Aoibheann of Elphin

Aoibheann of Elphin: Poems I-LXXVII. Foreword by Liesl Ketum. ISBN: 9781691900961. 106pp. gnOme, 2019. $7.00.

Tapping on the window of the invisible median strip between her inner and outer worlds, Aoibheann Ó hAodha, the poet and mystic known among the Irish townspeople simply as Aoibheann of Elphin (1916-1982), exuberantly wrote about the trials and tribulations, as well as ecstasies and sublimations, of her stretched out consciousness via the ‘crucis’ of life itself.

 

 

AE @ goodreads

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Under Forests of Futility

forests of futilityRasu-Yong Tugen, Baroness de Tristeombre. Under Forests of Futility. ISBN-10: 0692174192. ISBN-13: 978-0692174197. gnOme, 2018. 116 pp. $9.99.

“Vast lattices of black shale engulf us while we sleep. Primordial roots hunch over, as if in prayer. Arching acacia and star pine whisper spectral apprehensions. Black opal rains submerge everything permanent.”

A collection of poems by the author of A Natural History of Seaweed Dreams and Songs from the Black Moon.

“In this book is poetry that evokes the impersonal all around us, and deep within us. It is poetry carefully chiselled from the hues of night.”
— Joao da Cruz e Sousa, author of Notebooks of a Black Swan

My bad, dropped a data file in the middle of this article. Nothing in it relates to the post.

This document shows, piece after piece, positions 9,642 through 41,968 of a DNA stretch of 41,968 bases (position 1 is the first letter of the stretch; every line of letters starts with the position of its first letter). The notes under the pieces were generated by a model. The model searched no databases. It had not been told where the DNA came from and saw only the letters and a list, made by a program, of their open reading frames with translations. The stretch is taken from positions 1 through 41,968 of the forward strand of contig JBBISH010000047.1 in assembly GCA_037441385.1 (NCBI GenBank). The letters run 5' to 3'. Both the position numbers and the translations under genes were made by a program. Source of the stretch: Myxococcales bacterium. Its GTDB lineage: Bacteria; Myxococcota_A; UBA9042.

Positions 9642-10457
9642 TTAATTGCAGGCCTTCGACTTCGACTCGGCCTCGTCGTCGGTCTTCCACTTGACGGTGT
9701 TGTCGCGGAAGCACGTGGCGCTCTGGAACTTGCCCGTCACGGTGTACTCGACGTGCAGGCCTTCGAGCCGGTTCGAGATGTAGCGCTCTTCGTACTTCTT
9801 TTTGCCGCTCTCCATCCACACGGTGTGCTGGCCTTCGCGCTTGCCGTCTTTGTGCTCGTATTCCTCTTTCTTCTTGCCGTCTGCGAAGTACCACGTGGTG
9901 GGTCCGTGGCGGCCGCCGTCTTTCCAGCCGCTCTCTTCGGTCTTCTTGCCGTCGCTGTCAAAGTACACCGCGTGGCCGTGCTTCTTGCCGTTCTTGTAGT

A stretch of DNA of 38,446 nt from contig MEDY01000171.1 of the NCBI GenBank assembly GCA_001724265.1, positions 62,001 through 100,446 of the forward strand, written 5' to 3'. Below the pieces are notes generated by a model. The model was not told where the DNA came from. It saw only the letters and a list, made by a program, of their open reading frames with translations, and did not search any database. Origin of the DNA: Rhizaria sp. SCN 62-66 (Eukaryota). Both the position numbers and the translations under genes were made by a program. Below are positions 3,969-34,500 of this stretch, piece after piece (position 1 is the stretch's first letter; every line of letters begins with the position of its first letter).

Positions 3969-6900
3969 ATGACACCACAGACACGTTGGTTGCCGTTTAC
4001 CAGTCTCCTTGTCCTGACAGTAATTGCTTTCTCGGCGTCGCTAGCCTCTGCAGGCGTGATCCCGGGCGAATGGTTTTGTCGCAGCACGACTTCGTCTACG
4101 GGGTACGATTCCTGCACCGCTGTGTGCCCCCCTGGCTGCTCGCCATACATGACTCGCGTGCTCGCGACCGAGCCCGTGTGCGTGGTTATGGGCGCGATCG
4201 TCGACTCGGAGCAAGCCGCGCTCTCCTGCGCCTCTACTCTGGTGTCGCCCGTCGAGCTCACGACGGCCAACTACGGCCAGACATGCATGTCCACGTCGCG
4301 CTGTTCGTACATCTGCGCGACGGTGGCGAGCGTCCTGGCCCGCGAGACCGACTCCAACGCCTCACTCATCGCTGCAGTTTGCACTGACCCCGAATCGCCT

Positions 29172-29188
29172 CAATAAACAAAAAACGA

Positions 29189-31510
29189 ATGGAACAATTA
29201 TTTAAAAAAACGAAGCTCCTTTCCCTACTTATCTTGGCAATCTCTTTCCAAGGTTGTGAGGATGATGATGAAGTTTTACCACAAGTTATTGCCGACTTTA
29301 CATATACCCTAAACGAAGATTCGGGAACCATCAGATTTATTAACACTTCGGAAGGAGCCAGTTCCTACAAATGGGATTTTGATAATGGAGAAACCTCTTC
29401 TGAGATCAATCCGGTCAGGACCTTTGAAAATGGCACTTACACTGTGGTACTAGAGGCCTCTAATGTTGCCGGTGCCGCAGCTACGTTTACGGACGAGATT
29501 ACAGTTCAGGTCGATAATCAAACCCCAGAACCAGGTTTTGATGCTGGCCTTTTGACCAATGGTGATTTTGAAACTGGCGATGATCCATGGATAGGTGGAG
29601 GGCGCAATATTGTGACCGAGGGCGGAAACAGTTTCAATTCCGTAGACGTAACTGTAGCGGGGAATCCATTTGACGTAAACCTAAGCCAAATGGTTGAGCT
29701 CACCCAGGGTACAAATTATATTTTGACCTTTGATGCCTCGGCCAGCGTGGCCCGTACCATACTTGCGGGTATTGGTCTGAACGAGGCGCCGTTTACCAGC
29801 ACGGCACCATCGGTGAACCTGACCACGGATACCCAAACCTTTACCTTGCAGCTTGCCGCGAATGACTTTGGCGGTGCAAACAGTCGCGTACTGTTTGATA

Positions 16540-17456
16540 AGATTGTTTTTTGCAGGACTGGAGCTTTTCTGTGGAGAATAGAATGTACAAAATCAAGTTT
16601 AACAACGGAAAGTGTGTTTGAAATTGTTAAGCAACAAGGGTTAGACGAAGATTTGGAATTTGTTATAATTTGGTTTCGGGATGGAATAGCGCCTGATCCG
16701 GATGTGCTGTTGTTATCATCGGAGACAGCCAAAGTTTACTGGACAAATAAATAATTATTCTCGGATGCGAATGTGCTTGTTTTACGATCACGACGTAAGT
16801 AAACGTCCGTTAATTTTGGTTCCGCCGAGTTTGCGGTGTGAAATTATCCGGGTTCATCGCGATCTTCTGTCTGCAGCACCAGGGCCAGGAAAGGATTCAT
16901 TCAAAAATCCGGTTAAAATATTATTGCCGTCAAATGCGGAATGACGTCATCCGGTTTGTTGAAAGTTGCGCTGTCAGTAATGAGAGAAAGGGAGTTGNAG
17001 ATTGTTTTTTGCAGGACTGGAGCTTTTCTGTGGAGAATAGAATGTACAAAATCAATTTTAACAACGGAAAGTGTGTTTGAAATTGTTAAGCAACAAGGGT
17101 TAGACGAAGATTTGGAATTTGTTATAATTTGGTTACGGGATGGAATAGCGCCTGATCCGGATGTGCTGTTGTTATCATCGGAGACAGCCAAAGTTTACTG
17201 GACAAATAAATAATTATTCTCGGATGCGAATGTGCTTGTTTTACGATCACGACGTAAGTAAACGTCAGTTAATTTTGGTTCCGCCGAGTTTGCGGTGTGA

“This is not a book for human beings. For every reader will, upon reading it, become lost — blissfully, bewilderingly lost — like a sleep-walker in the black forests of lyric.”
— Comtesse Anna de Noailles, author of A Shadow of Days

“A harrowing testament to the luminous uselessness of poetic language. I wish all language was this haunted.”
— Sadegh Hedayat, author of The Blind Owl

UFoF @ goodreads

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Liber Exuvia

LIBER EXUVIA -FRONT Cover ONLY

Elytron Frass. Liber Exuvia. ISBN-10: 0692053417. ISBN-13: 978-0692053416. 148pp. $13.00.

An interactive grimoire devoted to the sundry incarnations of a self-beheading mantis, Liber Exuvia provides a shadow of insight into its author by way of past-life regressions and encrypted charms. What was once crudely printed and mass-mailed to random households all across the globe—Elytron Frass’s confrontational novella is now bound, barcoded, and available to any daring reader.

Liber Exuvia presents a hypnotic flow of morbid visions of violence and sexuality that sometimes read like Comte De Lautreamont, sometimes like 80s horror cult classics, and, most curiously, often like beautiful lyrical poems, in which the poet is not ‘man speaking to men’ but a conjurer of ghosts.” — Johannes Göransson